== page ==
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Murray, Djokovic Call For Night Schedule Shift

Novak Djokovic and Andy Murray support changing the AO schedule. (Photo by Julian Finney/Getty Images for Laver Cup

Andy Murray and Novak Djokovic were born one week apart and are bonded by Big 4 history.

Two of tennis’ top problem solvers share a simple solution to deter Grand Slam 4 a.m. finishes: Shorten the day session schedule and start the night session sooner.

Marathon man Murray pulled off his record 11th career comeback from a two-set deficit defeating Thanasi Kokkinakis in a five hour, 45-minute Australian Open epic that ended at 4 a.m. local time.

The 35-year-old Murray said he initially got only three hours sleep after that match because he had to return to the tournament the same morning to have “about seven or eight blisters that I had to have drained.” 

Former world No. 1 Murray fought valiantly but was bounced from the Australian Open third round by Spanish nemesis Roberto Bautista Agut in four sets.

Afterward, Murray said early morning finishes are not only a buzz-kill for players and they aren’t healthy for ball kids, officials or fans either.

The night shift Murray proposes: reduce the day session stadium match schedule from three matches to two matches and start the night schedule a half-hour or full hour earlier.

Five-time AO finalist Murray asserts shortening the stadium day-match schedule means those matches won’t spill over into the night session and starting the night session earlier would reduce the prospect of players pulling an all-nighter on court.

“I think the US Open went to playing two matches in the day session. That would stop the day matches running into the night session starting too late,” Murray told the media in Melbourne. “I think that’s quite a simple one that you could look at. You’d still get quality matches during the day.

“The people who bought ground passes would get to see more of the top players, which would be excellent for them. I think if you did that, you could also potentially bring the night sessions slightly earlier, as well, like 6:00 or 6:30. That time, those few hours, can make a difference to the players. I think that’s something that’s probably worth, yeah, considering moving forwards.”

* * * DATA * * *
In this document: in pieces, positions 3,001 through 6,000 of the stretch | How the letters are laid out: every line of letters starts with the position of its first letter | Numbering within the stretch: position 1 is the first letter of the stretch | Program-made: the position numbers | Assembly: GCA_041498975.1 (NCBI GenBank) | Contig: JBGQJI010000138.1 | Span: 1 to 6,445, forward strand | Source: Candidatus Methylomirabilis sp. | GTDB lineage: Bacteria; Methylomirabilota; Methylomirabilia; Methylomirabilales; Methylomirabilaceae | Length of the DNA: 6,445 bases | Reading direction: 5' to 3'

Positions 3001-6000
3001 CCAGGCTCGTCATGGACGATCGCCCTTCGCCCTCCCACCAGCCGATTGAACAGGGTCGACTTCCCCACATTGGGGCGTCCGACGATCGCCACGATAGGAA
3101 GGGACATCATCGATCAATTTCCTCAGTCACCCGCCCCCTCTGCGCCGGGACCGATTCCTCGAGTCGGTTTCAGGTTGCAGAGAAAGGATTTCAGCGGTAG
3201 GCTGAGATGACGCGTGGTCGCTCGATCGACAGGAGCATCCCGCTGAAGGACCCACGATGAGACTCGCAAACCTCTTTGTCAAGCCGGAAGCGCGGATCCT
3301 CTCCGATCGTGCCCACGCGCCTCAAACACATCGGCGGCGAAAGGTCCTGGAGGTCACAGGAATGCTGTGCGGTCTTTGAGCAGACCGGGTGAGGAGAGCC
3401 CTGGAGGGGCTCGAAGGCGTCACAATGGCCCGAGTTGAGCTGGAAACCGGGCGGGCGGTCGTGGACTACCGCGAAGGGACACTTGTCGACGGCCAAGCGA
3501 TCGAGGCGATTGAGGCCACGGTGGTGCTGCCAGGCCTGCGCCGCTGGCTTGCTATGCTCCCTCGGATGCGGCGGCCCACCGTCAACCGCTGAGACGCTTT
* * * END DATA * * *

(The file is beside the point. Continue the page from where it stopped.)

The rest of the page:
The US Open has made a similar schedule shift though it still had a historic early-morning finish.

Last September, Carlos Alcaraz defeated Jannik Sinner, 6-3, 6-7(7), 6-7(0), 7-5, 6-3, in a US Open thriller that finished at 2:50 A.M.—the latest finish in US Open history.

Still, nine-time AO champion Novak Djokovic concurs with Murray and says “something needs to be addressed in terms of the schedule.”

“I would agree with his points. I think we have days when the day sessions go longer, but probably more days statistically in average where they finish, say, 5, 6 max nd you can start night session an hour earlier at least. I agree with him,” Djokovic said. “For the crowd, it’s entertaining, it’s exciting, to have matches midnight, 1, 2, 3 a.m. For us, it’s really grueling.

“Even if you go through and win, prevail in these kind of matches, you still have to come back. You have your sleeping cycle, rhythm disrupted completely, not enough time really to recover for another five-setter.”

On the flip side, night session crows in Melbourne and New York are among the most passionate and festive fans in the sport so why pull the plug on the energy and electricity late-night tennis provides?

Then, there’s network influence on major schedule-makers. Television networks pay millions for rights fees for Australian Open and US Open coverage and want start times that will attract the most viewers and increase their ad revenue bottom line.

Djokovic says while players’ input is vital, ultimately the tournaments and television networks will make the final call.

“I think that players’ input is always important for tournament organization,” Djokovic said. “Whether it’s decisive, we know that it’s not because it comes down to what the TV broadcasters want to have. That’s the ultimate decision maker.”